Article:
Great families make great people. Great people make great families.
Love Out Loud.
My love for sports is documented. What I get to share from it are the people who helped shape me, my love for the games we play and played, and how far life takes us with the love that we share in it. In my younger days, I knew early on that sports would play a big part of my life, I just did not know how or where. I did know that it called to me, and along the way, people fed it so that it could grow.
We all have those people who left an imprint on us. I use this vehicle as a way to say thank you to some folks who did more than they knew, a lot with a little, and helped carve a place in who I became later in life. I had an older cousin who lived in East Orange, New Jersey. My aunt would bring him down with his two sisters, and he and I figured out that we both loved sports. He loved it in a way that made me love it more.
We would go to the playground and have at it. The universe is funny, I do not recall ever playing him when anyone else was ever at the court, and these courts were ALWAYS busy. This was a good thing, as he would take me to basketball class. Even at a young age, I knew that I wanted to know more of the game, but my cousin was worldly, even then. His game was different than mine. It was COOLER. It was my introduction to a thing that did not have a name yet. In the early 70’s, he would hit me with this thing that I thought was illegal, but deadly. THE CROSSOVER. He would spin and call out THE PEARL! He would tell me about Earl Monroe and Clyde Frazier, (no, he did not call him Walt, he was CLYDE) and he would mimic the Wilt Reed free throw jumper. I had no idea that this was a thing, you could shoot the same shot as a free throw and get two points instead of one. My cousin would call out Cazzie Russell, and then he would blow my mind with this one-handed move he had learned while in Jersey. It was this swooping underhanded to overhanded dip of a thing. He said it was the move of this young cat that played in New Jersey for the Nets. Apparently, there was this place in New York called RUCKER PARK, and this young cat changed the game by the way he played it. HE WAS COOLER than everyone else. Some cat named JULIUS ERVING. They called him the DOCTOR because of the way he operated on the court. MIND BLOWN. Tell me more….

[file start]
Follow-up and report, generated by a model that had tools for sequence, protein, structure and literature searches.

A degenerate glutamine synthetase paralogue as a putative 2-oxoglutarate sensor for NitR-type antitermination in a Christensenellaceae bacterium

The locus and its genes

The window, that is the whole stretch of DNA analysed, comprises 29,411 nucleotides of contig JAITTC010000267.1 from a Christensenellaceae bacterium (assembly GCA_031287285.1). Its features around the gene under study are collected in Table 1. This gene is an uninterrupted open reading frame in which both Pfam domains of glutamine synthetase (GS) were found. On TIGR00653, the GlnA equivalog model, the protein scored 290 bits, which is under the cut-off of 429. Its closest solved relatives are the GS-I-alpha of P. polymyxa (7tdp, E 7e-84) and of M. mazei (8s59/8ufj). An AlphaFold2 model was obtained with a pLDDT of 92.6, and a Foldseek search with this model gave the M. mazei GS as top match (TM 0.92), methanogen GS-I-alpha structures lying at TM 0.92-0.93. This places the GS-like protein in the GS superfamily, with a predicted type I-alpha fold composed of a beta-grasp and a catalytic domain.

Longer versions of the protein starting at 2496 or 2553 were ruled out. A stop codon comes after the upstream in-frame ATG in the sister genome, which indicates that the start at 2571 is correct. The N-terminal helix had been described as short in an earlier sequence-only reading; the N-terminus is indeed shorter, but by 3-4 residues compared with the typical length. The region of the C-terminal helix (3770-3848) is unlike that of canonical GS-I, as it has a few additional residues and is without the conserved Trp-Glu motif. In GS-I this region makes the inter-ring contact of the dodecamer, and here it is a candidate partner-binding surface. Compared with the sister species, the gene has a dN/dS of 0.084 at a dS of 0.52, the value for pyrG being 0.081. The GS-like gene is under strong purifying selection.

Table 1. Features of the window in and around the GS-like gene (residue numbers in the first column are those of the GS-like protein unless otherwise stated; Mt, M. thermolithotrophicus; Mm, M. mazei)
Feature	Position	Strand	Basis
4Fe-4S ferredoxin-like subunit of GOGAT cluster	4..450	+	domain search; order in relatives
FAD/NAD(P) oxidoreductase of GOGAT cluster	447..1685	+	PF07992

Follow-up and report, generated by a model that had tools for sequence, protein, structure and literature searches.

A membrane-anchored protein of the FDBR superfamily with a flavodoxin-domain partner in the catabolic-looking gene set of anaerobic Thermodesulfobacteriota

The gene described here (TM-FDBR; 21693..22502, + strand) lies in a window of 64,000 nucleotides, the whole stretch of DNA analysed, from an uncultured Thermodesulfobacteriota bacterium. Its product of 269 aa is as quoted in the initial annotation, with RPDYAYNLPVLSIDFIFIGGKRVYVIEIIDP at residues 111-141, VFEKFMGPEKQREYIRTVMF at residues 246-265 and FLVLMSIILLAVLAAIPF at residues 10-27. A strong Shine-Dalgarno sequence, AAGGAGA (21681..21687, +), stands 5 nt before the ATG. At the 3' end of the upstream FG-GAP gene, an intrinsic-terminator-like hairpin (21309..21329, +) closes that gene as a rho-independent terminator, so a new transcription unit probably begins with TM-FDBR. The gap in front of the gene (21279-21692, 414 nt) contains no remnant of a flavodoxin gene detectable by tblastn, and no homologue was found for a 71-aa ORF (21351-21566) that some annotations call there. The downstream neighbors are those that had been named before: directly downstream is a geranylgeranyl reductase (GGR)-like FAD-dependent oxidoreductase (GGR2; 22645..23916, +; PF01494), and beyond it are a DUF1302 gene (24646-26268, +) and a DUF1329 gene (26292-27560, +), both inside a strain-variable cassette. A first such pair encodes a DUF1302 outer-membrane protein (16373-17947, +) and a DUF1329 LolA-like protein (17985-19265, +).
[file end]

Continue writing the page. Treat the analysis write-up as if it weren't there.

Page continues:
He was the great reporter. He would warn me about the NY Mets being good enough to beat the powerful Baltimore Orioles. (They did). He boasted that the lowly New York Jets would beat the unbeatable Baltimore Colts. (They did). He forecasted the power of the Yankees when they signed Reggie Jackson, and he introduced me to the world of WOR, home of New York sports.
One summer, I got to spend the week in New Jersey. My goodness, I learned so much. The world was faster there, it was bigger there, and the people were louder there. I was introduced to this game called PASS OUT, where kids would press against another kid’s stomach until they would drop. I also got to play baseball at their rec league, and I remember being thankful that he would drag me along and let me play with his team. They were bigger, stronger, and more experienced. I learned to put the ball in play and use my speed. I also learned about big league baseball in an up and close way. It mattered more THERE it seemed.
His mother was always a big voice with lots of advice. She loved loud, proud, and constantly. His little sister always seemed tougher than all the boys in our family. Its like she knew something we didn’t. And his older sister may have been the wisest of all. I always knew that I would be smarter every time I was around her. She constantly added to. Maybe it was a family thing. My cousin seemed to do that too. He does not say much these days, but I hear him loudly on a regular basis. I can absolutely say that my love for sports would not be what it is without you.
Thank you, cuz.
I appreciate you more than you know.